iBio (IBIO) Stock: The Case for Big Gains Is a Clear One

iBio IBIO Stock News

iBio Inc (NYSEAMERICAN: IBIO) has been a huge topic of conversation as of late, and for good reason. The company is currently working on the development of two vaccines for the coronavirus, but there are strong arguments on both sides of the coin. Today, we’ll talk about the bearish opinion, the bullish opinion, and why I believe that the path to gains is a clear one:

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The Bearish Case on IBIO

The bears have been all over iBio as of late, and while I believe that they’ve got it wrong (we’ll get into that in a minute), I also believe that it’s important that investors see both sides of this coin.

With that said, the bearish case on IBIO is a very simple one. The idea is that the company is lagging behind the pack of larger companies that are working to develop a vaccine for COVID-19.

The argument makes sense, Moderna (MRNA) and Inovio Pharmaceuticals (INO) already have vaccines in late-stage clinical trials. With IBIO not in the clinic yet, the argument is that by the time the company brings a COVID-19 vaccine to market, if it happens, it will be too late to make any substantial revenue from the move.

Again, my view is that the bears are wrong, I’m just outlining the argument here.

Bulls See Opportunity

While the bears are working to push iBio down on the very simple argumnt that they simply won’t be first to market, the bulls see a different story, one that outlines a strong opportunity ahead.

No one is arguing that IBIO will somehow go through all phases of clinical trials before Moderna and Inovio complete their Phase 3 trials. So, should these trials result in positive data, they will likely be first to market, but that doesn’t mean as much as the bears would like you to believe for a few reasons:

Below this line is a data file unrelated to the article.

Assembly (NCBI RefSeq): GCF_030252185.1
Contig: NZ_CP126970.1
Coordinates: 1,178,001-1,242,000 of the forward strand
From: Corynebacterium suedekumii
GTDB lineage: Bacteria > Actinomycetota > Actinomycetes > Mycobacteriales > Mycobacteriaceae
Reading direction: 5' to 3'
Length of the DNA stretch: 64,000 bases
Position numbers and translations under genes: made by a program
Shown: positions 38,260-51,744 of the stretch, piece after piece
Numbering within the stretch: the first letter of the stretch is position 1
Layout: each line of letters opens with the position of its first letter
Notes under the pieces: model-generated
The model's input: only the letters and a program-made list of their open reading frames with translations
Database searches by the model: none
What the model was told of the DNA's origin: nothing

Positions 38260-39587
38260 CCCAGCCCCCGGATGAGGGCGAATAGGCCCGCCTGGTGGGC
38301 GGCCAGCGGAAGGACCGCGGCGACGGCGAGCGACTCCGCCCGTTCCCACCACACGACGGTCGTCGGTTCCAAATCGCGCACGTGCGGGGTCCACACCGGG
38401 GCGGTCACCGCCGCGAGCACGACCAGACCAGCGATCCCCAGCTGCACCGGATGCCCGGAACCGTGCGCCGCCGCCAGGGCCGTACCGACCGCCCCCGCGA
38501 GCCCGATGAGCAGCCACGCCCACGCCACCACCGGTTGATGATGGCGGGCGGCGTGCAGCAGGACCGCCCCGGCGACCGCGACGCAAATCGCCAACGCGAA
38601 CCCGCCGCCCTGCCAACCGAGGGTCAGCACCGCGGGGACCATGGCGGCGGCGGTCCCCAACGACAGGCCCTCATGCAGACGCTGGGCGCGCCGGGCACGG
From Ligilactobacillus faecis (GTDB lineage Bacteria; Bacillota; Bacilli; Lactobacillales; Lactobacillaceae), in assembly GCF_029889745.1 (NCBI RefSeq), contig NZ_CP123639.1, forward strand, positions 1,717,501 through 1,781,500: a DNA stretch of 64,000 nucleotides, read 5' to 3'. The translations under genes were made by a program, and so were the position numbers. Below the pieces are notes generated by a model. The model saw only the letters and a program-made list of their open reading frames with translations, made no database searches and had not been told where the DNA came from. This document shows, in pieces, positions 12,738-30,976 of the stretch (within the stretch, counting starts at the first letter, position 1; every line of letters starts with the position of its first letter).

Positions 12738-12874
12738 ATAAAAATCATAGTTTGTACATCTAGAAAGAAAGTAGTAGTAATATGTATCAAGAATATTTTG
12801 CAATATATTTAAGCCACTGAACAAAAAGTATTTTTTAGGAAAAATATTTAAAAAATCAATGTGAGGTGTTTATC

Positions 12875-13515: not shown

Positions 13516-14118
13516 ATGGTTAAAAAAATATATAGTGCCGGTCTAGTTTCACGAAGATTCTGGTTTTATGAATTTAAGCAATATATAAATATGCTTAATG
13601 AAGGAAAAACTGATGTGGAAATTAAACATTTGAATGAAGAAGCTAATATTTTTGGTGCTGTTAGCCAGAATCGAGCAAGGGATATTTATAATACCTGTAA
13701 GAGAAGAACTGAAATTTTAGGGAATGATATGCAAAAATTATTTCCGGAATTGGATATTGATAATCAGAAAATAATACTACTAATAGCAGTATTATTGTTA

• Availability. Every human being on the globe needs a COVID-19 vaccine. We’ve seen big stories about the United States buying millions of doses of the vaccines in advance, but the United States is only one geographical region. There’s no way that Inovio, Moderna, or both, will be able to meet global demand any time soon. This lengthens the amount of time that IBIO has to bring one of their vaccines to market to make a meaningful global impact.
  • Coronavirus Immunity. There are several strains of the coronavirus out there. In fact, it’s the family of viruses that causes the common cold. Immunity against these types of viruses can be extremely difficult. Moreover, immunity in the common cold only lasts for a couple of years, maybe three if you’re lucky. That’s why we get sick every few years. Developing a vaccine that works against these viruses for the long term is not likely. If it was, a common cold vaccine would already be out there. In my view, when vaccines are developed and commercialized, we’re likely to learn that they only last a couple of years. As such, annual vaccines, like what we see with the Flu, are likely necessary. As such, global demand isn’t going to disappear. In fact, there’s a strong indication that there will be long-lasting demand for a COVID-19 vaccine, further opening the door to opportunity for IBIO.
  • IBIO Work. If MRNA or INO wet the bed on their late stage studies, they’re back to the drawing board. However, IBIO is currently working on multiple COVID-19 candidates. At the end of the day, if you throw two darts, you have a much better chance of hitting the bullseye than you do throwing just one dart.
  • Takeover Appeal. Finally, IBIO may be a perfect takeover target. Not only does the company have two COVID-19 vaccines, it is the owner of the FastPharming Facility, a facility that offers a major competitive advantage when it comes to speed of manufacturing. At the same time, the company’s market cap is relatively slim, making it an easy pill to swollow for big pharma. So, the argument that a potential takeover is coming is building.

The Bottom Line

The bottom line here is simple. IBIO has been taking a bit of heat because many don’t believe that it will be first to market. However, I don’t think first to market matters as much in this case as it would in other areas of medicine. The widespread coronavirus warrants work on a vaccine from several companies. Moreover, the long-term demand for a vaccine that’s likely ahead, combined with the potential for a takeover make for a strong bull argument on IBIO.

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